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Compensation for EU tender document preparation?
Thread poster: MariusV

MariusV  Identity Verified
Local time: 16:39
English to Lithuanian
+ ...
Dec 30, 2006

Hi colleagues,

Hope no one think that I am kinda absent-minded, always unhappy about everything, permanently cheated and/or underpaid vulnerable “trampslator” just because I like this forum (Money Matters) and make a lot of posts to here, and used super advice from other people whose help was simply invaluable.

So, here is a delicate situation again where I need to share the thoughts with you. The situation is like this:

1) I received an email from a translation agency (and a reputable – their BB rating here is 4.8) which offered me to participate in one big EU translation tender (said at least 500-800 pages per year for my language combination and 3 years in turn). I got interested (of course). Discussed in a more detail what they offer, what area it is, what it is all about. Sent them my CV upon their request, other relevant info on translation experience, etc., they said that they are interested in my expertise and that I might be one of the best candidates. Then we had a preliminary discussion on the orientation rates for that and other technical issues. All seemed fine. Both sides happy.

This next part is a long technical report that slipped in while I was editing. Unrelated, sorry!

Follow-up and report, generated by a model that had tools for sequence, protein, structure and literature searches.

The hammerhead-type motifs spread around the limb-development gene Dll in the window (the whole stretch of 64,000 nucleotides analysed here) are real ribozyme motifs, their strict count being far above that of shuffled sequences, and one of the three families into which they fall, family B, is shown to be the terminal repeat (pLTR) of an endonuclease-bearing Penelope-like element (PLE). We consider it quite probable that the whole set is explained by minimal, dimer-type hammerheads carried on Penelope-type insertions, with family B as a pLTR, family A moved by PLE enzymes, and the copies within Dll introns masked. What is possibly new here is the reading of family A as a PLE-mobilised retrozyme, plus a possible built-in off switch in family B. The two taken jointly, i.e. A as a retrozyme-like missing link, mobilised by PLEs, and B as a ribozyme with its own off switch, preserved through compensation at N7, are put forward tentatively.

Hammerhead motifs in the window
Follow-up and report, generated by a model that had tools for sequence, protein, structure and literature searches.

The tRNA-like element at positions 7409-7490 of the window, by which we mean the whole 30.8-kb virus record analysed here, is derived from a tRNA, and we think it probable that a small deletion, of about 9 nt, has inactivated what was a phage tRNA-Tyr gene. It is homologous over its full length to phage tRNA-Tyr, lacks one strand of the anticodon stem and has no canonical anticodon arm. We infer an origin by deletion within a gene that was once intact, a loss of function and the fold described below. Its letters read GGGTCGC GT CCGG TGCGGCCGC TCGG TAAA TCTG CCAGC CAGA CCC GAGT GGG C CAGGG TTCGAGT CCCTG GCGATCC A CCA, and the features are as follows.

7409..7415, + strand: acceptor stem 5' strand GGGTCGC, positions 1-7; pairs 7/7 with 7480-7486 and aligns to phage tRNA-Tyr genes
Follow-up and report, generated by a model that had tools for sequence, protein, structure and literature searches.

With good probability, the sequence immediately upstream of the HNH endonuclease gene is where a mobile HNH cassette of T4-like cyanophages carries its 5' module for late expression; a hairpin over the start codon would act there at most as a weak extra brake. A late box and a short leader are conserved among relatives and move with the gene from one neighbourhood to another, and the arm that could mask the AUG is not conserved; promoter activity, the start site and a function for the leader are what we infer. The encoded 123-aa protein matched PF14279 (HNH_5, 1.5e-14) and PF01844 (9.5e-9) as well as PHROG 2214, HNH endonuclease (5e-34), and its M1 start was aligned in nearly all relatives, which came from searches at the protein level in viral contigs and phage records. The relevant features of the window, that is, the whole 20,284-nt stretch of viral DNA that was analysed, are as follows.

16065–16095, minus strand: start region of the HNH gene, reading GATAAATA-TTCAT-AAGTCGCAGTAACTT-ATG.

2) After that they have asked me to help them preparing documents for that EU tender. I think those who prepared the EU translation tender docs know what pile of papers it is and how many officialdom (references, information, certifications, NDAs, proofs of expertise, etc.) one has to fill in and prepare. IT ALSO turned out (when we started a talk about technical issues related to the documents) that a very professional proofreader was additionally requested by the EU as the translation will be highly technical. OK, I even managed to convince one person having a Dr. degree in that area and knowing the English (source) language almost in a fluent level to cooperate with me and help me preparing the docs (from his side as a proofreader).